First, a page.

Ask Andrew W.K.: ‘How Do I Become A Successful Musician?
His response: “This is an excellent question and I’m going to answer it as simply
and as directly as I can, with the hopes that it makes the point as
clear and as helpful as possible.
The traditional modern concept of success — being the measurement of
monetary income as the primary indicator of effort and mastery in a
certain field — is essentially a scam, a con, and a lie. To equate
success with an amount of money earned, or an amount of fame achieved,
is at best an unfortunate miscomprehension of the very nature of
success. At worst, it’s a malicious distortion.
To truly succeed at something is to devote oneself to what one loves,
and to allow that devotion to bring out the best and most admirable
qualities one has inside of them, so that in the end, one ultimately
succeeds at the only effort that really matters: Becoming a better
person than you were.
The musician whose efforts in music only add to the size of their
bank account is a really just a business person — a successful banker,
and not necessarily a successful musician. If music is the means to an
end, and that end is money, than the music might as well be real-estate
investment, or commodity trading. Individuals whose primary interest in
music is positioning themselves to impress others with their style and
wealth may be successful marketers and salesmen, but they’re not
successful musicians, or even successful human beings. They’re just
The idea that making money is the best indication of success is
fundamentally flawed. Far too often the individuals who make the most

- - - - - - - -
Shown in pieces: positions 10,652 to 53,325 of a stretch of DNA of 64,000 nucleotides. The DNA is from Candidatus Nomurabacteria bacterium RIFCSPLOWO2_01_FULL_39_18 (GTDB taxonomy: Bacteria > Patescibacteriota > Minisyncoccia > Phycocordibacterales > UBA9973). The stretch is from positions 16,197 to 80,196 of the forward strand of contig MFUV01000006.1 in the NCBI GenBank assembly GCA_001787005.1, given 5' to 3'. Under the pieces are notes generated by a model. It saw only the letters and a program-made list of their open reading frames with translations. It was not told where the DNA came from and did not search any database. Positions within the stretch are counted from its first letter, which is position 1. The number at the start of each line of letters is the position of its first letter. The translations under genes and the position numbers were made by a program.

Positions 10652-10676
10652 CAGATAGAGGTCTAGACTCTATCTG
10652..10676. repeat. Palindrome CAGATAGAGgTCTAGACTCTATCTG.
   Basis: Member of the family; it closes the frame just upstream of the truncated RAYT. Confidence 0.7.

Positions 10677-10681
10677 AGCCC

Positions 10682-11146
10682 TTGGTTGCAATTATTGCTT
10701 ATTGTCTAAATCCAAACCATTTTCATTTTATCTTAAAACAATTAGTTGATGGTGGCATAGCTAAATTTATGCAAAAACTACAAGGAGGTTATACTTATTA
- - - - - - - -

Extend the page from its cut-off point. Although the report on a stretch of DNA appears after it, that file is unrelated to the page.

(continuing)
money are often the biggest failures in every other area of life, most
notably, the areas related to personal integrity, kind-hearted values,
and quality of character. Many people think that achieving material
success is worth total sacrifice in every other part of their life — but
it couldn’t be further from the truth. Success in one area of life
should enable further and more meaningful success in all the other
areas, too. Success materially and failure spiritually is no success at
Furthermore, success is not power over others, but discipline over
oneself. Success is not doing whatever one wants, but doing what one is
truly meant to do. Success is not fulfilling one’s most immediate
desires, but fulfilling one’s true purpose - and fulfilling it despite
obstacles, inconvenience, or how much it differs from what one otherwise
feels like doing.
At best, the typical material conception of success inspires the
shallowest and most superficial type of selfish ambition, and at worst,
it keeps one hopelessly locked in a cycle of perceived failure, vicious
competition, and unfulfilled lustful desire. It’s set up from the start
as a losing game, so that no one can ever really succeed, because in the
contest to see who is “biggest” or “richest” no one ever really wins.
You just keep scheming and clawing and battling, getting closer to
emptiness and further from the truly worthwhile things in life.Music, like all the arts, is a sacred pursuit. It is an end in
itself. The reward of playing music is in the joy of experiencing it,
and a successful musician is the person who becomes so connected with
that spirit of music that he or she becomes inseparable from it.
successful musician aspires to be music itself.So, for you to be a successful musician, all you have to do is really, really love playing music. Really, really, really
love it. Worship it and adore it and turn yourself over to it. And then
allow the music to make you a better person from the inside out, not
just a richer person or a more famous person, but a more valuable person
to the people around you and to the world, and to yourself.
Now go put all the energy you’ve spent worrying that you’re not
successful enough into just playing and loving your instrument. If you
can say that you’re in love with playing it, you can say that you’re
successful. Never give up on what you love. It’s what makes life worth
living.” Your friend, Andrew W.K.
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